With fares that can often run to thousands of dollars, business class and first class tickets can be hard to come by for everyday passengers.
With input from Air Travel Genius, we’ve compiled this list of 8 travel tricks to help find a good deal:
1. Airfare Sales
Every so often, international airlines will sell premium cabin seats at very reasonable prices. Periodic airfare sales will be offered simply to fill up empty seats during slow periods.
Monitor specialist air travel forums such as Flyertalk and its Premium Fare Deal page. Check directly at airline websites and try and get lower fares.
Get a feel for airfare pricing on the route you are looking at by doing dummy bookings.
In the end, if you do find a super cheap fare deal then make sure you book it as quickly as possible! You don’t want to miss out.
2. Business Class Consolidators
Get a quotation from a business class specialist consolidator who may have access to “unpublished” premium airfares which can undercut the normal market fare by 20% to 50%.
There are a number of such specialists in North America and UK. Cook Travel has been recommended by the New York Times and the Wall Street Journal.
If using a consolidator ensure the agency is a reputable business in good standing. It should be a member of industry trade bodies such as IATA (international), ABTA (UK) or ASTA (US).
3. Airfare Geo-“Arbitrage”
Business and first class fares can vary significantly depending on which country the itinerary originates. You can use this to your advantage and get some excellent airfare deals by starting your trip from one of the cheaper airfare countries.
Discrepancies arise from local economic conditions, foreign exchange rates or the fact that an airline will try to poach passengers from outside its home country by offering cut-price fares. You can thus use airfare geo-arbitrage to your advantage.
4. Split Tickets
Geo-arbitrage leads us on to split ticketing. Consider splitting your journey and buying separate tickets which can reduce your business class fare significantly. Use the cheaper countries as a point to split your ticket.
For example, if travelling between Australia and Europe you could consider purchasing a business class fare to Europe from a point in Asia (such as Singapore, Manila or Denpasar) and buying a separate Australia-Asia positioning fare. Denpasar to London via Hong Kong on Cathay Pacific can be particularly good value in business class..
5. All-Business Class Airlines
Some years ago we saw all business airlines Maxjet, Silverjet and EOS stir up the market by offering cut-price business class fares across the Atlantic. Eventually the financial crisis and heavy competition from major carriers caused them to fail. The only survivor was French airline L’Avion which was taken over by British Airways Euro subsidiary OpenSkies.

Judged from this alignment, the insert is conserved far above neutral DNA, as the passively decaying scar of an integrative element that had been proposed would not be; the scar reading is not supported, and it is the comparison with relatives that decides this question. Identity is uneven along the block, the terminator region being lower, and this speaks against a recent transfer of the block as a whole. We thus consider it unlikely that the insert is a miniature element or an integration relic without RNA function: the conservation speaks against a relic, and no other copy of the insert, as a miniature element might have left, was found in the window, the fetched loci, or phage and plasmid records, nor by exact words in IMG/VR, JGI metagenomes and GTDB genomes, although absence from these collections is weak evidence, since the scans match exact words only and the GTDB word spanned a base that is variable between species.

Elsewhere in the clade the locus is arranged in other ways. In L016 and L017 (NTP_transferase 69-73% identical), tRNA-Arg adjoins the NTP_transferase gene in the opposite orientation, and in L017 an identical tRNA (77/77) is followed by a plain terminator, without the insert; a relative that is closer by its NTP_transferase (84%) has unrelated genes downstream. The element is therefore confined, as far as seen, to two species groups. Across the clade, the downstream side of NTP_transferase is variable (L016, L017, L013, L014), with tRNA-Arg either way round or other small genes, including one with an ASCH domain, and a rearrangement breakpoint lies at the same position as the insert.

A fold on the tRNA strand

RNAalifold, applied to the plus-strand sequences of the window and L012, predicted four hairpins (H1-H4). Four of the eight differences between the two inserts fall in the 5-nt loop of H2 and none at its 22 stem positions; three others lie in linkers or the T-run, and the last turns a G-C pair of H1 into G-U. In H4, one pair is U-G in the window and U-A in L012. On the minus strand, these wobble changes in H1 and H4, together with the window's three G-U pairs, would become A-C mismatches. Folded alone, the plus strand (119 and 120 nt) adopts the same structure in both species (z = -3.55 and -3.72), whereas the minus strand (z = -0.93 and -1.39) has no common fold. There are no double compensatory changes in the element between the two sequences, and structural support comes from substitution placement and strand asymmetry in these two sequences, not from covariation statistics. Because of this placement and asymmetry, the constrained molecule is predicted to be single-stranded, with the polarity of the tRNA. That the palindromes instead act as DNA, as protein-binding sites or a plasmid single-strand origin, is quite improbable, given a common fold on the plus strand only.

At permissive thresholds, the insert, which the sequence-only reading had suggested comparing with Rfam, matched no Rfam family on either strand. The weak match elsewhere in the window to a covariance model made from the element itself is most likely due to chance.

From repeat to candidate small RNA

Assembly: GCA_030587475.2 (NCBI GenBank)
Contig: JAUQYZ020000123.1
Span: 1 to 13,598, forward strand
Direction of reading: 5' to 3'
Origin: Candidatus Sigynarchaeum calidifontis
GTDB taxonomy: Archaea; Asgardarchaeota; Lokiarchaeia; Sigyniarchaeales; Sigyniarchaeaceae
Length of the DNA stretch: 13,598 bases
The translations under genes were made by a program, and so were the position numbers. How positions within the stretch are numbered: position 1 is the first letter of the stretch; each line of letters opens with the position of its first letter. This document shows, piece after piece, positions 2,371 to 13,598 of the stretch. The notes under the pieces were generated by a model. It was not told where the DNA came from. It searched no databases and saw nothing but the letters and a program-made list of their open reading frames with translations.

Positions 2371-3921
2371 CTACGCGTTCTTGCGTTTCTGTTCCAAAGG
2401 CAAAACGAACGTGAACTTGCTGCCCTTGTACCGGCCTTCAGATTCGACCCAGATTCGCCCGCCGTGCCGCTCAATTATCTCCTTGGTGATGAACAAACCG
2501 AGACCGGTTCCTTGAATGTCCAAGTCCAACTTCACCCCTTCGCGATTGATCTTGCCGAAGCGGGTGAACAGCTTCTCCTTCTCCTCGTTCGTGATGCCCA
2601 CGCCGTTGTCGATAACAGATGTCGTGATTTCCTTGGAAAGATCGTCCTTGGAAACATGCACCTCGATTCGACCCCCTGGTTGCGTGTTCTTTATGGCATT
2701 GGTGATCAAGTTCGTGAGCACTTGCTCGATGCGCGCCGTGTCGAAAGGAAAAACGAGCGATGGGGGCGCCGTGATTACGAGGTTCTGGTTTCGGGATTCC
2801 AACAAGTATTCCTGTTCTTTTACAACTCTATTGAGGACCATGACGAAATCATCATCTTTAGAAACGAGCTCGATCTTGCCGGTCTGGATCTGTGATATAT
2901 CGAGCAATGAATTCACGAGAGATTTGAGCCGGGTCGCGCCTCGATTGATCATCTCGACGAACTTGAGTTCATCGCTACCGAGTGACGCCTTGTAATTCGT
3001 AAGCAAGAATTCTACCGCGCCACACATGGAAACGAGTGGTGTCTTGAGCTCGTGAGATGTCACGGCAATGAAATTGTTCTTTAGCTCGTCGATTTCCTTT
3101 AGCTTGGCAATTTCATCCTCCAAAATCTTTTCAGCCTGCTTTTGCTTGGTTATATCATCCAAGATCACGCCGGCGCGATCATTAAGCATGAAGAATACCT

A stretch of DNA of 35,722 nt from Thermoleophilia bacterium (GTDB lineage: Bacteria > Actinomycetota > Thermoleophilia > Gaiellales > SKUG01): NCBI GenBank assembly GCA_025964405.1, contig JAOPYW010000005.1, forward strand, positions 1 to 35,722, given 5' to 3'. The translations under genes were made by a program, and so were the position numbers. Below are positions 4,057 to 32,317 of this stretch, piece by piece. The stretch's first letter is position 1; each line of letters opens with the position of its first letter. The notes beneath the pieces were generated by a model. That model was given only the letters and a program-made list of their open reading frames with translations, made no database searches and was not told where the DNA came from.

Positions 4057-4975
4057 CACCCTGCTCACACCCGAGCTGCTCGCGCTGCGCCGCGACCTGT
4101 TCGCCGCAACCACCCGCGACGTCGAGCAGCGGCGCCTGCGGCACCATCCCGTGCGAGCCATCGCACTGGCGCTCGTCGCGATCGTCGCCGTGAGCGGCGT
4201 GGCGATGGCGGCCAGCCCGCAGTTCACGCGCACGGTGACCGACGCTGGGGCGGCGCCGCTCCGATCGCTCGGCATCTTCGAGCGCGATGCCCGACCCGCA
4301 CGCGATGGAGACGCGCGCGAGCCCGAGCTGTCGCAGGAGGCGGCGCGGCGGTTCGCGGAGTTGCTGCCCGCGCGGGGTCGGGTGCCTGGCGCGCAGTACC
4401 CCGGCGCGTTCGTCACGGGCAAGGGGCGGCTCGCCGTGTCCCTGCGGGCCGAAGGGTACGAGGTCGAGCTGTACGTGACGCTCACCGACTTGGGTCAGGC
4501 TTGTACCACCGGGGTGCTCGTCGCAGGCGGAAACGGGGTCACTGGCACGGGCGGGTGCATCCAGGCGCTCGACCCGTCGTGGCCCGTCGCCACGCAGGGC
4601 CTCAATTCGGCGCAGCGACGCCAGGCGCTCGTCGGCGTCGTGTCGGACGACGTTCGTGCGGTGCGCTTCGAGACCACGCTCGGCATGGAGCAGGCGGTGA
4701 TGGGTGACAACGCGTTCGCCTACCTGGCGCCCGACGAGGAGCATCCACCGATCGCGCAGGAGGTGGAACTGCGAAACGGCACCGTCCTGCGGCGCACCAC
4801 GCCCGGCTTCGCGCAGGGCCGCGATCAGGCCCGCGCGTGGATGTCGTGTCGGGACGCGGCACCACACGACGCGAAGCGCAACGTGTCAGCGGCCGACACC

As of today, OpenSkies is still flying the Paris-New York route using Boeing 757s (and a Boeing 767) albeit in a 3 class configuration. Its class leading Prem Plus seat (premium economy with a generous 52″ pitch) is priced competitively from $1,250 return ex-New York. Norweigan Air flies to London.
French airline La Compagnie flies an all-business class configured Boeing 757 on the Paris CDG-New York Newark route. Whilst it may not have the best business class product it offers transatlantic return fares as low as €1,400/$1,800.
6. Fifth Freedom Routes
Fifth freedom routes can be an excellent way to sample first class or business class products from major airlines at a reasonable price. A fifth freedom route is where an airline has rights to carry passengers between 2 cities outside that airline’s home country. Normally fifth freedom flights are operated by a long-haul aircraft.
For example, BA and KLM will charge little more than £200/$300 for a business class seat one-way from Abu Dhabi to Muscat. A first class ticket with BA will be around the £300/$400 mark.
Emirates, the best airline in the world, is running cheap business class routes to Athens and the Middle East.
7. Lesser Known Airlines
Obscure airlines can often undercut the major carriers and offer cheap business class airfares. Standards at these more “off-beat” carriers can vary in terms of seats, service and ground facilities.
Let’s take London-New York, probably the most important international airline route in the world. Over 4 million annual passengers travel directly between London Heathrow and either New York JFK or New York Newark.
The route is dominated by the like of British Airways, American Airlines and Virgin Atlantic. London-New York prices from these airlines tend to remain on the higher side as they offer a direct routing and different flight time options. They will only discount at slower times of the year when they need to fill up those large seat capacities. That’s where lesser-known airlines come into play.
8. Use Frequent Flyer Miles
Take a look at using frequent flyer miles or points. Other than flying regularly, there are a number of ways to accumulate a healthy balance of miles.
A whole industry of so-called “travel hacking” has sprung up around the miles/points game, spawning countless web forums and blogs of varying quality. This phenomena is mainly centred around the USA (to the bemusement of many non-US based travellers).
It basically means that US travellers applying for 3 or 4 mileage credit cards can literally “earn” enough bonus miles for a long-haul business class return flight. Now whether this state of affairs is sustainable in the long-term remains to be seen.
But remember: be wary of flying on someone else’s frequent flyer miles. Airlines discourage this. Some credit cards like American Express let you earn 5 points for every mile you charge to an airline.
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